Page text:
Public investments should cover borrowing costs, not risk of default.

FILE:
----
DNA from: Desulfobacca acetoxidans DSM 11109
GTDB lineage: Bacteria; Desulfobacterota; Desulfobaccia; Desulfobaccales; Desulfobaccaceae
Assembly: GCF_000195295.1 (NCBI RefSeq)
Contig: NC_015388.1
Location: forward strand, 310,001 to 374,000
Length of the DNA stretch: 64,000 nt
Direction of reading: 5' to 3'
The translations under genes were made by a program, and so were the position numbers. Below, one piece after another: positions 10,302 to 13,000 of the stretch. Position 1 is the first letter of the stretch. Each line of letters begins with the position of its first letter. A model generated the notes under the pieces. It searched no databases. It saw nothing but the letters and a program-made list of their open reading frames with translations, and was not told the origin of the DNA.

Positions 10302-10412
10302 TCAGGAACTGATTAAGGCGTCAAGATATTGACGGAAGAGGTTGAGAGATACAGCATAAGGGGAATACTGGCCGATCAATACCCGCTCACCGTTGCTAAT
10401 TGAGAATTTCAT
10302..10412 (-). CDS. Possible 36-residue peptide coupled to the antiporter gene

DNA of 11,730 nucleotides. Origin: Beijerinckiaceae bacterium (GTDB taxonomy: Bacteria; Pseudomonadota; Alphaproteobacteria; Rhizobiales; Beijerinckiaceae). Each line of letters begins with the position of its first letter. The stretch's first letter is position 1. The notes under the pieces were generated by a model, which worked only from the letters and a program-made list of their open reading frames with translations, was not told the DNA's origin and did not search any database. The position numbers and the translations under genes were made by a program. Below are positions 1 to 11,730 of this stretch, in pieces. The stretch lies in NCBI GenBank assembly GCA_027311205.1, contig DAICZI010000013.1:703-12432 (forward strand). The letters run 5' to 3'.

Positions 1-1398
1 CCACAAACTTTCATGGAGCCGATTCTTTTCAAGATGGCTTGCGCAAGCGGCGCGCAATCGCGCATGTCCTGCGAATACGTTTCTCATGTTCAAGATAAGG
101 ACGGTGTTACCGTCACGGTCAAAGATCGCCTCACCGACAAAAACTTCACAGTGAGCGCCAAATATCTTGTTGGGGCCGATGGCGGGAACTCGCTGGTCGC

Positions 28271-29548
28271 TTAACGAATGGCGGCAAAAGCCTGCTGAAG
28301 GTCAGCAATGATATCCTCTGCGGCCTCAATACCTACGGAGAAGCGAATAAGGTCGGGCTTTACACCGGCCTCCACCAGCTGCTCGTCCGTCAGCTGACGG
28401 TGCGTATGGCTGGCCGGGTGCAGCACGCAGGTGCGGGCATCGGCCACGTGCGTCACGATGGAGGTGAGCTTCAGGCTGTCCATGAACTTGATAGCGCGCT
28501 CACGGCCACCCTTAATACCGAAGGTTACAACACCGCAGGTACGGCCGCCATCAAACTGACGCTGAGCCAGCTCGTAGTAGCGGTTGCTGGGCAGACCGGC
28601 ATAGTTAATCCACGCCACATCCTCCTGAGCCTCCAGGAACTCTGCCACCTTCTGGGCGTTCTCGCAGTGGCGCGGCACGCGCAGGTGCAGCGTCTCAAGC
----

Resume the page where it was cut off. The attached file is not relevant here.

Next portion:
This paper provides a review of the modern finance literature examining how liquidity affects the private sector demand for real assets and financial securities. This literature shows that when firms evaluate risky investments they distinguish fundamental earnings risk and liquidity risks, and choose discount rates that link the discount rates they use to the liquidity and structure of their balance sheets. The government can mimic their behaviour by adopting a procedure that (i) ranks projects by discounting their expected costs and benefits by a low ‘fundamental earnings’ discount rate, perhaps 4 – 5 percent; and (ii) imposes a second ‘liquidity’ discount based on the government’s balance sheet structure and debt objectives that simultaneously determines the quantity of investments. By more closely copying private sector practice, this approach will directly link the quantity of investments that a government makes to the discount rates it uses. It will also enable the New Zealand government to reduce the discount rates it uses to evaluate long horizon investments without compromising its aim of ensuring the public and private sectors adopt a common method of evaluating investment projects.